China has become less dependent on arms imports over the past five years due to increased military capabilities at home, while boosting its own exports by 74 per cent, according to a report released on Monday.
The study by the Stockholm International Peace Research Institute also showed a continuing arms race in Asia Pacific amid the escalation of tensions in the South China Sea, with Beijing's Asian neighbours drastically increasing their arms purchases since 2012.
Comparing two five-year periods between 2007-11 and 2012-16, the volume of Chinese exports of major arms increased by 74 per cent. Its share of the global total of exports rose from 3.8 to 6.2 per cent, making it the third-largest supplier in the world, following the United States and Russia.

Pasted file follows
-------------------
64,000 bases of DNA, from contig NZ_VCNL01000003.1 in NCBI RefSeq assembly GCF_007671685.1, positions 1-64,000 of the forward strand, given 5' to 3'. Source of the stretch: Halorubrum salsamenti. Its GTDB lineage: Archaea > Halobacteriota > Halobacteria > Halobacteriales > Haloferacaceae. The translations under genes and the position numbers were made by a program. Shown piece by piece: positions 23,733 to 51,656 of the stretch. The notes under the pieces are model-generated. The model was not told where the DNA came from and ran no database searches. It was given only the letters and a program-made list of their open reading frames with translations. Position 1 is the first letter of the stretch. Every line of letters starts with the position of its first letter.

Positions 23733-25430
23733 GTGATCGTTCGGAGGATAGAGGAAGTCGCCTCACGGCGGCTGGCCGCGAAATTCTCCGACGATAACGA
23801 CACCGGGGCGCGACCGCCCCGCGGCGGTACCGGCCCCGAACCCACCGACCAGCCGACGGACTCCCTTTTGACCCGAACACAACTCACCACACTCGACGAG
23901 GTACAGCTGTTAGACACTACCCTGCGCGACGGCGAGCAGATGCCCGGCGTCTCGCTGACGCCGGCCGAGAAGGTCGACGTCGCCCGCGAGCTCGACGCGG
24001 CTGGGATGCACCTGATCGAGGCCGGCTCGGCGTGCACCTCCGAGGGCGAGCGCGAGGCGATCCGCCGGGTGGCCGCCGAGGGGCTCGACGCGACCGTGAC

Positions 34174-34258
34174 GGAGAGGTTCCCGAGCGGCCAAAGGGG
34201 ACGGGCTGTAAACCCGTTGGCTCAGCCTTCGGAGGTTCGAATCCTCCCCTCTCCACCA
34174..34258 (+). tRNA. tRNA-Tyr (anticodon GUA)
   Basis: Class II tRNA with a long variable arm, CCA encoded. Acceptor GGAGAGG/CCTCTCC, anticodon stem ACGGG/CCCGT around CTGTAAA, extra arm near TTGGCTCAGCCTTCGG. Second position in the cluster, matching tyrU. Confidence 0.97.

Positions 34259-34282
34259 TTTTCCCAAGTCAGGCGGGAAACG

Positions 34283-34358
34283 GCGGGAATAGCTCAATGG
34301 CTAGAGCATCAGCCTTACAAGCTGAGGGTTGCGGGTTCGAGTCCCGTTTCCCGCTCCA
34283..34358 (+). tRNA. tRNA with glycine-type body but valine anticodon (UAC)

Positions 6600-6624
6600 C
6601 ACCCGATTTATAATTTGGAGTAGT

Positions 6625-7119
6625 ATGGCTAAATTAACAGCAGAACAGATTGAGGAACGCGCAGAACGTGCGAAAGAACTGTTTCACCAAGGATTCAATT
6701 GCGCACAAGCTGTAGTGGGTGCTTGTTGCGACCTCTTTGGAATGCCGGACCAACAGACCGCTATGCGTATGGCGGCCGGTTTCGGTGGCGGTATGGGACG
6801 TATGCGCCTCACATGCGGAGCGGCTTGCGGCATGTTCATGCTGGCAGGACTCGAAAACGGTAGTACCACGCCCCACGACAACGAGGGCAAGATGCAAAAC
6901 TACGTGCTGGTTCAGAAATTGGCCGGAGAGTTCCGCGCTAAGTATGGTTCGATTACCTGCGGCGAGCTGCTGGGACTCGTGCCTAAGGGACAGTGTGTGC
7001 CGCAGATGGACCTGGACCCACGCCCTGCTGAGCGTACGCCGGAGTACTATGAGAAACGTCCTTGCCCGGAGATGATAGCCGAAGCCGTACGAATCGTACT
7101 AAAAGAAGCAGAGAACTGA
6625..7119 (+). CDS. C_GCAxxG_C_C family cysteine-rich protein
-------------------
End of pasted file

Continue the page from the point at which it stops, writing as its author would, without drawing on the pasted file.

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Unlike the US, which accounts for one-third of exports and supplies at least 100 countries, China delivered major arms to 44 countries, mostly in Asia and Africa. More than 60 per cent of China's exports went to Pakistan, Bangladesh and Myanmar and another 22 per cent went to Africa.
China has also been expanding its market. In 2015, it exported type 90 multi-barrel rocket launchers to Peru, the first time Chinese weapons were used to equip Peru's armed forces. A report released by the Pentagon last April estimated that China's arms sales from 2010 to 2014 totalled about US$15 billion.